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New Zealand will ban all types of semi-automatic weapons used in the Christchurch attacks, Prime Minister Jacinda Ardern has said.

The country’s gun laws have been in the spotlight since 50 people were killed at two mosques last Friday.

Ms Ardern said she expected new legislation to be in place by 11 April, according to BBC report, .

All of the dead have now been formally identified, Commissioner Mike Bush confirmed. One man has been charged with one murder.

Australian Brenton Tarrant, a self-proclaimed white supremacist, is expected to face further charges.

He had obtained a firearm licence in New Zealand in 2017.

What will change and how soon?

“On 15 March our history changed forever. Now, our laws will too,” said the prime minister, who has said the killings were a terrorist attack.

“Now, six days after this attack, we are announcing a ban on all military style semi-automatics (MSSA) and assault rifles in New Zealand.”.

“Related parts used to convert these guns into MSSAs are also being banned, along with all high-capacity magazines.”

She said an amnesty and a buy-back scheme would be imposed so the owners of affected weapons could hand them in.

Ms Ardern said the buy-back could cost “anywhere between $100m ($69m; £52m) and $200m. But that is the price that we must pay to ensure the safety of our communities”.

The lone gunman armed with semi-automatic rifles including an AR-15 killed people as they prayed on Friday. He is believed to have modified his weapon with a high-capacity magazine.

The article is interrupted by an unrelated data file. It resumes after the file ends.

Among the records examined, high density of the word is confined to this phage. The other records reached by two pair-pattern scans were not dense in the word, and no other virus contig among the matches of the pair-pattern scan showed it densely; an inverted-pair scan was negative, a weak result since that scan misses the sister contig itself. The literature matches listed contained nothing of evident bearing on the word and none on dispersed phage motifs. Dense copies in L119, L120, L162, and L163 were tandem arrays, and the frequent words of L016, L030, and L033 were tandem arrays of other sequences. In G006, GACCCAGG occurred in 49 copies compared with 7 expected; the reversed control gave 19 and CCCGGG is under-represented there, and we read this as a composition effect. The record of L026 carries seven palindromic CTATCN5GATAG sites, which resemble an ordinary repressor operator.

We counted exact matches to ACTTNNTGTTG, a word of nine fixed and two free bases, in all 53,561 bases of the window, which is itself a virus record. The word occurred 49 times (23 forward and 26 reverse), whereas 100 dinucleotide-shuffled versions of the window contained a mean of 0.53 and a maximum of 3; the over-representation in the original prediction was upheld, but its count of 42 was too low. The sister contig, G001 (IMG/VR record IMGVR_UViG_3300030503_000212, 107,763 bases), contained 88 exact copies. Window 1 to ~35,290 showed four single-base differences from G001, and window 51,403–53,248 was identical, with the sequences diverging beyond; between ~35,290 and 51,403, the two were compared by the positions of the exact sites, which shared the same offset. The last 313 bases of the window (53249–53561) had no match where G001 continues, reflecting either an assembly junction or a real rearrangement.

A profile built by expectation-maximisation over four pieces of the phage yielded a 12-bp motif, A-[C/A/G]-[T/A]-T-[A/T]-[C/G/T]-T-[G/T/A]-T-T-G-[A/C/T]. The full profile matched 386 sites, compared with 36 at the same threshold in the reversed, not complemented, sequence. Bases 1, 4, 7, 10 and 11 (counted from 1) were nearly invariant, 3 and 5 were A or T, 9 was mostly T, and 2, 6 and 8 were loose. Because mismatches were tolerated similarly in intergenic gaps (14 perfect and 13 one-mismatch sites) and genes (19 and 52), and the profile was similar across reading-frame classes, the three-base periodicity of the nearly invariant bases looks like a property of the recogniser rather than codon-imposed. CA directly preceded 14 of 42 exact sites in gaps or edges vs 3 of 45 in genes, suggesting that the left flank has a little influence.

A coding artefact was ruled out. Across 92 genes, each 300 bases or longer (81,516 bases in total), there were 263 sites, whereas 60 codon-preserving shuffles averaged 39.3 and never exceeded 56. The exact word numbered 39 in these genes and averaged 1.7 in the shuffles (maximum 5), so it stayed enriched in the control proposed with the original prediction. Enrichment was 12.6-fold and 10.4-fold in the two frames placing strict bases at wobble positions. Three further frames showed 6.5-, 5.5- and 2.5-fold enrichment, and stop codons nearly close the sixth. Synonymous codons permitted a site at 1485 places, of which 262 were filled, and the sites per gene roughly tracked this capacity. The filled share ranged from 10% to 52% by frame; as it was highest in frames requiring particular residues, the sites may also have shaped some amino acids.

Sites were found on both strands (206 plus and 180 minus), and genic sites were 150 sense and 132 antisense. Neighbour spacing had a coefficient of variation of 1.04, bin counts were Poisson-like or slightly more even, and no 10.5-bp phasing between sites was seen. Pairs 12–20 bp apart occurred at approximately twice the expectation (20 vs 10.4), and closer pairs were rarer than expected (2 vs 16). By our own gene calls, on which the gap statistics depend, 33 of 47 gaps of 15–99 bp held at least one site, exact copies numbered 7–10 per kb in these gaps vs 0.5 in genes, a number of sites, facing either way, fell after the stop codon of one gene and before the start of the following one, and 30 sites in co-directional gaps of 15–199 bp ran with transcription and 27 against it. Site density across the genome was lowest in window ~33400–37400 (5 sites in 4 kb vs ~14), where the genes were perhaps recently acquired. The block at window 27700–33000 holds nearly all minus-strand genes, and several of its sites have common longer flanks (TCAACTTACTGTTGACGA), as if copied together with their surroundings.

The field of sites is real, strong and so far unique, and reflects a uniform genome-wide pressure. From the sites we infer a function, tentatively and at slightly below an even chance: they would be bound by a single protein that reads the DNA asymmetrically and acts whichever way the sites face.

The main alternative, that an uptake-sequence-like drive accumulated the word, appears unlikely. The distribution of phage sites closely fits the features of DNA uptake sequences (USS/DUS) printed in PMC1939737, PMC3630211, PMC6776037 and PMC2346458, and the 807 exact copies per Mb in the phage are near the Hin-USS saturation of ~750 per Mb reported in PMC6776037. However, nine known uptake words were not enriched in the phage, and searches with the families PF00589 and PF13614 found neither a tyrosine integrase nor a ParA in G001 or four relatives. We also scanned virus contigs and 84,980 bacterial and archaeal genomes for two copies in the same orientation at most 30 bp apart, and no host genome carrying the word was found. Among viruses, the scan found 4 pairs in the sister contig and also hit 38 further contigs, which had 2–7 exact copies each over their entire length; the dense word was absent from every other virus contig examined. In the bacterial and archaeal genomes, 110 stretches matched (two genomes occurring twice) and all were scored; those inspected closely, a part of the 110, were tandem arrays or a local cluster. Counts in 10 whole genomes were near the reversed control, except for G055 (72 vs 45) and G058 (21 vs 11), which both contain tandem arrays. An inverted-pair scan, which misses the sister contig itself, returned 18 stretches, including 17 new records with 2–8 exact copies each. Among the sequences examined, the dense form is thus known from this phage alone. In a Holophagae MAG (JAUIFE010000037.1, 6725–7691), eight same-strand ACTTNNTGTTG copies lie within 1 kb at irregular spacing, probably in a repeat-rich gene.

The prime minister said measures would be imposed to prevent a rush of gun buying before the law comes in.

As of 15:00 local time on Thursday, a range of semi-automatic weapons have been reclassified under the Arms Act, making them harder to buy.

“I can assure people, that there is no point in applying for such a permit,” she said.

What did the PM tell gun owners?

Addressing the impact on gun owners, Ms Ardern said she knew “many of you will have acted within the law”.

“When Australia undertook similar reforms, their approach was to allow for exemptions for farmers upon application, including for pest control and animal welfare. We have taken similar action to identify the weapons legitimately required in those areas, and preclude them,” she said.

Australia banned semi-automatic weapons after the 1996 Port Arthur massacre in Tasmania, in which 35 people were shot dead.

The guns subject to exemptions will include “0.22 calibre rifles and shotguns commonly used for duck hunting,” Ms Ardern said.

“I strongly believe that the vast majority of legitimate gun owners in New Zealand will understand that these moves are in the national interest, and will take these changes in their stride,” she said.

New Zealand’s police minister Stuart Nash said of the development: “I want to remind that it is a privilege and not a right to own a firearm in New Zealand.”

He encouraged gun owners with weapons affected by the ban to phone police to arrange bringing them into a police station.